The projects are funded by a variety of federal and provincial governmental departments, agencies and not-for-profit research funding organizations such as: Genome Canada, Genome British Columbia, Genome Alberta, Genome Prairie, Ontario Genomics Institute, Genome Quebec, Genome Atlantic, Canadian Institutes of Health Research, Social Sciences and Humanities Research Council of Canada, Office of the Privacy Commissioner of Canada, Agriculture and Agri-food Canada, Ministère du développement durable, de l’environnement et des Parcs du Québec, Fonds de la Recherche en Santé du Québec, Canada Research Chairs, Networks of Centres of Excellence, Atlantic Innovation Fund, Canadian Breast Cancer Research Alliance, Ontario Mental Health Foundation and the Western Grains Research Foundation.
Architecture of the search engine
The CanadaGE3LS search engine allows simple and advanced searches.
The Browse All function allows you to view all projects contained in the database.
The Simple Search works by finding any project descriptions that include the queried word.
The Advanced Search option allows a search by: Title of the project, Title of the integrated GE3LS project, Research sectors (health, agriculture, environment, fisheries, forestry), Research areas (i.e., stem cells, biobanks, pharmacogenomics, genetically modified organisms, etc.), GE3LS issues (i.e., benefit sharing, intellectual property, regulatory and governance issues, social impacts, privacy and confidentiality, commercialization, genetic discrimination, communication of research results, risk perception etc.), Specific group (i.e. carriers, minors, newborns, communities, third parties, etc.), Investigator, Co-investigator, Region, and Start date or end date.
The search results contain the title of the project and information on the time frame, the investigators and co-investigators, the type of grant award, the funding organization, the region where the research was conducted and the financial scale. It also contains a brief description of the research project and a list of resulting publications, where provided.
“Genome Canada is a not-for-profit organization established in February 2000 that was given a mandate by the Government of Canada to develop and implement a national strategy for supporting large-scale genomics and proteomics research projects for the benefit of all Canadians”. To accomplish this goal, Genome Canada has funded an important number of large-scale projects since 2000 in the areas of health, agriculture, environment, forestry, fisheries and new technology development. The main source of funding is the Government of Canada, with co-funding from a number of public and private partners in Canada and abroad. To ensure effective management and monitoring of funded projects, a number of regional Genome Centres have been established across Canada: Genome British Columbia, Genome Alberta, Genome Prairie, Ontario Genomics Institute, Genome Quebec and Genome Atlantic. These Centres, established as independent not-for-profit organizations, work collaboratively and with Genome Canada to facilitate access to leading edge technology for researchers, allow for different approaches to project development and fundraising, and provide opportunities for public outreach programs at a regional level. One of the major objectives of Genome Canada is to assume leadership in the area of GE3LS research. As such, Genome Canada funds large-scale, stand-alone GE3LS projects of international calibre and also requires that all of its large-scale science projects integrate a research plan to address key GE3LS implications. Genome Canada publishes an online newsletter called Impact dedicated to showcasing the results of GE3LS research in Canada. In 2009, Genome Canada launched an Ottawa GE3LS series called “GPS: Where Genomics, Public Policy and Society Meet” “to broker two-way dialogue between federal policy-makers and GE3LS researchers on various policy options for addressing issues that arise at the interface of genomics and society”. A different theme is selected each year. The theme for the 2009-2010 series was “Genetic information”, and the three related sub-themes were: “Consent, Privacy and Research Biobanks”; “Revisiting Genetic Discrimination Issues in 2010: Is Canada on the Right Course?”; and “Online Direct-to-Consumer Genetic Testing: Implications of the New Business Model”.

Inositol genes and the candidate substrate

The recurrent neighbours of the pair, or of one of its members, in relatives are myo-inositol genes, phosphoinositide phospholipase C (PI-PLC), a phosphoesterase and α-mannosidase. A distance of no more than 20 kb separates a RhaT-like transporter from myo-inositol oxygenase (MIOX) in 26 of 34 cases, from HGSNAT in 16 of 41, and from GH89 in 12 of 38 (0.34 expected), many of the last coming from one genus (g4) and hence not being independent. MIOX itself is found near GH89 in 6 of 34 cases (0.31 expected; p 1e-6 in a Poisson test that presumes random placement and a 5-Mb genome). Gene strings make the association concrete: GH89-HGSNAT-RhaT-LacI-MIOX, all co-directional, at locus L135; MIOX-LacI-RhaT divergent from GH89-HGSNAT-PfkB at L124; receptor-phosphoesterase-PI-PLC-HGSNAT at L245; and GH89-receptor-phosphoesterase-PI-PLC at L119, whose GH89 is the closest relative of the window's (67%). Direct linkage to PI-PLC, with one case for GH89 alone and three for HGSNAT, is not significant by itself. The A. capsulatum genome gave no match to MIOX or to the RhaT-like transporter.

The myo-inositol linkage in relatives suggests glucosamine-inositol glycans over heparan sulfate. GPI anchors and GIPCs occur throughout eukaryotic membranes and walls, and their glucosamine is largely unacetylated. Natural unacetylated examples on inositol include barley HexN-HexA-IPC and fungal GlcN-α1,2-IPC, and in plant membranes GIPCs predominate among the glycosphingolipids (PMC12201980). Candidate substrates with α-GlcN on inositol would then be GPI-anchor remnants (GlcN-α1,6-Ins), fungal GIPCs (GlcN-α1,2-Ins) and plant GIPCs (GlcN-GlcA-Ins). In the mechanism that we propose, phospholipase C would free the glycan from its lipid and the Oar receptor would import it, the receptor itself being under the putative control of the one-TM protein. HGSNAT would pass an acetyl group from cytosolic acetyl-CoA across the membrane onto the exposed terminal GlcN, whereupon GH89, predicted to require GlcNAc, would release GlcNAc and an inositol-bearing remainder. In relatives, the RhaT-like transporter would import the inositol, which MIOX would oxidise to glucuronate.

The Centre for Applied Genomics is a genome centre in the Research Institute of The Hospital for Sick Children, and is affiliated with the University of Toronto and operates as a Science and Technology Innovation Centre of Genome Canada.
Centre of Genomics and Policy
The Centre of Genomics and Policy (CGP), located within the McGill University/Genome Quebec Innovation Centre, is a multidisciplinary research centre which analyzes socio-ethical and legal norms regulating different areas of human health with the objective of promoting prospective structuring and guidance for both research in genomic health sciences and its applications (See CGP website). The multidisciplinary work of the CGP covers five areas of genomics and policy: procreation and reproductive genetics, paediatric health, privacy, public health, and, personalized medicine. In 2009, the CGP was commissioned by Genome Canada to develop and update the CanadaGE3LS search engine and database.
- "About Genome Canada". Retrieved May 28, 2010.
- "European Research Area on Societal Aspects of Genomics". Retrieved May 27, 2010.
- "About Genome Canada". Retrieved May 28, 2010.
- "GE3LS: Genomics & Society". Retrieved May 28, 2010.
- Genome Canada (Spring 2009). "Welcome to Impact". Impact N.01. Retrieved May 28, 2010.
- "GE3LS: Genomics & Society: Policy Portal". Retrieved May 28, 2010.